Spatial and temporal diffusion of political violence in North and West Africa

David B. Skillicorn, Olivier J. Walther, Quan Zheng, Christian Leuprecht

Research output: Chapter in Book/Report/Conference proceedingChapterpeer-review

Abstract

The study of how crime and political violence diffuse across time and space has greatly benefited from the increasing availability of geo-referenced data and the use of spatial statistical analysis (O’Loughlin and Raleigh 2008;Zammit-Mangionet al. 2013; Metternich et al. 2017). In urban policing, for example, the design and use of hot-spot analysis based on historical data allows us to predict when and where various kinds of crime are most likely to occur, and to preposition policing assets accordingly (Braga 2005). In this limited sense, predictive modeling of crimes has been remarkably effective. The urban environment lends itself to this kind of analysis: criminals are creatures of habit, they tend to travel limited distances, and some areas are naturallymore target-richthan others.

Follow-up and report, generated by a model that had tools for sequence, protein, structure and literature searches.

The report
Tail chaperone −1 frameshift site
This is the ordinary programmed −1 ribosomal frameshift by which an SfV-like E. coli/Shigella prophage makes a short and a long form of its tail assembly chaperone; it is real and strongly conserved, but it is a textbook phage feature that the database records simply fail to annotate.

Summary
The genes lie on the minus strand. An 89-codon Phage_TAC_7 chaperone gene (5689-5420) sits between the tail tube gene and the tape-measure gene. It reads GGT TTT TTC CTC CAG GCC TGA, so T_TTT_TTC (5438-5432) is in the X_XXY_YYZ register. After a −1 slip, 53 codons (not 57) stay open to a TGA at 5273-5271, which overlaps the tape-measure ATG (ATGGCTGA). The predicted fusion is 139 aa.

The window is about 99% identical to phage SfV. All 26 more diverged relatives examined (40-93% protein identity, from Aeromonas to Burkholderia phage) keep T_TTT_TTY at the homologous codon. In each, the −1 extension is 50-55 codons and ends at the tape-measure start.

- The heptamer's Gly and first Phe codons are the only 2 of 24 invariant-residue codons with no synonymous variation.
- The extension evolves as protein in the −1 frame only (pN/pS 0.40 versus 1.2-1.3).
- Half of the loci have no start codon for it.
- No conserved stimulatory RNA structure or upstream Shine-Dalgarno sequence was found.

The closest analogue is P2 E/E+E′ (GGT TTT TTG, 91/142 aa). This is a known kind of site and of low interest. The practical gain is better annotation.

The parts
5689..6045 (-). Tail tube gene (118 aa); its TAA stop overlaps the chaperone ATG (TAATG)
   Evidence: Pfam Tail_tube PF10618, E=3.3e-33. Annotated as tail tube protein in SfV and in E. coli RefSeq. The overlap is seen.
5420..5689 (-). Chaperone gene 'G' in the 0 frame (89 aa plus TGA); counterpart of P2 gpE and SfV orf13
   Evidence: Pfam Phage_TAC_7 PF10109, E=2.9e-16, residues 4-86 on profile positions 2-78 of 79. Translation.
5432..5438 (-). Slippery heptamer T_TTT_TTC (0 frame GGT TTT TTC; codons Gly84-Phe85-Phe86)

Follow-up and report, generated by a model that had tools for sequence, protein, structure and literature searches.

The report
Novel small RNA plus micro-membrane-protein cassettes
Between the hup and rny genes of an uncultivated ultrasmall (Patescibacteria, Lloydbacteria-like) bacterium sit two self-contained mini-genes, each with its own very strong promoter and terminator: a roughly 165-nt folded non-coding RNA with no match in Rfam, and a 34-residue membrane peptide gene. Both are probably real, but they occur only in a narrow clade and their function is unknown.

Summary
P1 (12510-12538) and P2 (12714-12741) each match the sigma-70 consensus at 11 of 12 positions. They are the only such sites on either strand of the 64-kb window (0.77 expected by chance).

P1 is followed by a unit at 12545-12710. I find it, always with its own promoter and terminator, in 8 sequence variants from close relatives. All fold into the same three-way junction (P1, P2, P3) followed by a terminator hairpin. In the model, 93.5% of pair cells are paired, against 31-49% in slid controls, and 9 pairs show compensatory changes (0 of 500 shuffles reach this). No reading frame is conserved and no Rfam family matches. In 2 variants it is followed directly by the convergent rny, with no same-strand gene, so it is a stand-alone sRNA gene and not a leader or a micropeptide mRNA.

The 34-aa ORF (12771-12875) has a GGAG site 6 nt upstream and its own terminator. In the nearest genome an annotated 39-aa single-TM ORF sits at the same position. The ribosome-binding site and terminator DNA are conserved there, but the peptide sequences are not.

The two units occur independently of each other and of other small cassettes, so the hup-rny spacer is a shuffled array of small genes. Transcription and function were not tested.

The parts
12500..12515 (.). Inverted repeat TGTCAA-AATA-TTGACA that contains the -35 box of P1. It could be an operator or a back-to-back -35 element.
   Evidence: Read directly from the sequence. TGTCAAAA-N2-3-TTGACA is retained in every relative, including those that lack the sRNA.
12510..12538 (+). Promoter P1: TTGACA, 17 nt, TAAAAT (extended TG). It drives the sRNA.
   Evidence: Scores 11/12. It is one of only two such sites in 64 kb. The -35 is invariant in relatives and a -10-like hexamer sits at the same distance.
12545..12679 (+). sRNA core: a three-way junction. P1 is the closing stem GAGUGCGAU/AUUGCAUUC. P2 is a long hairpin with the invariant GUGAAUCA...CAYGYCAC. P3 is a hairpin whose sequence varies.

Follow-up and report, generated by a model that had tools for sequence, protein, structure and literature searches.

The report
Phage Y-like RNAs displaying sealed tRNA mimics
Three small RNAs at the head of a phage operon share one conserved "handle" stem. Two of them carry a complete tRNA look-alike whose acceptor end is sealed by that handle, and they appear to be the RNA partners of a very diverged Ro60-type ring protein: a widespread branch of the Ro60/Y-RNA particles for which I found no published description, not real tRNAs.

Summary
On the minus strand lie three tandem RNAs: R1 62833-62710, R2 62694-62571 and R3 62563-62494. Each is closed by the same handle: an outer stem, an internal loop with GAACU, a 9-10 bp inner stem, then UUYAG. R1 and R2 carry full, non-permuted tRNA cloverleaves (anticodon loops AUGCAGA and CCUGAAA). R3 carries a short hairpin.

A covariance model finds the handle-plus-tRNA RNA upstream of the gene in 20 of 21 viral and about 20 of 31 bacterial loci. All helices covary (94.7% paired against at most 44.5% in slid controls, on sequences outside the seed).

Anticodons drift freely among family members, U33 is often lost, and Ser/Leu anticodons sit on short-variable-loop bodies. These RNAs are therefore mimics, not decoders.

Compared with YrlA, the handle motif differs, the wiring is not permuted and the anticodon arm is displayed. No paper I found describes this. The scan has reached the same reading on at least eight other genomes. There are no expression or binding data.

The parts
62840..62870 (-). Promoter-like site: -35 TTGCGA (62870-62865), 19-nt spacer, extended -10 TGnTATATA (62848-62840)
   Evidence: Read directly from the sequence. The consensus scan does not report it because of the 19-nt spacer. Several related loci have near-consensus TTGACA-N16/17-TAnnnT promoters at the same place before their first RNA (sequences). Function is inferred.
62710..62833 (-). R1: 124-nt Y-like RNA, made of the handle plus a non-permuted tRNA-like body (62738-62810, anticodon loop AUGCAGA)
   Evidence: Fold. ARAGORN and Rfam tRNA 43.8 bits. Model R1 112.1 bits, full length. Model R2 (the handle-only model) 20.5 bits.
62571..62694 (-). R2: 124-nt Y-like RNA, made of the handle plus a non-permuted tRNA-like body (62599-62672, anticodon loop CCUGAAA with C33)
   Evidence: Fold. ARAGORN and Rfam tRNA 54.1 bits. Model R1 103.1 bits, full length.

Original languageEnglish
Title of host publicationAfrican Border Disorders
Subtitle of host publicationAddressing Transnational Extremist Organizations
EditorsOlivier J. Walther, William F.S. Miles
Place of PublicationOxon, UK
PublisherRoutledge
Chapter4
Number of pages26
ISBN (Electronic)9781315166483, 9781351680127
ISBN (Print)9781138054684
DOIs
Publication statusPublished - 2017
Externally publishedYes

Keywords

  • political violence
  • extremist organizations
  • tribal homogeneity

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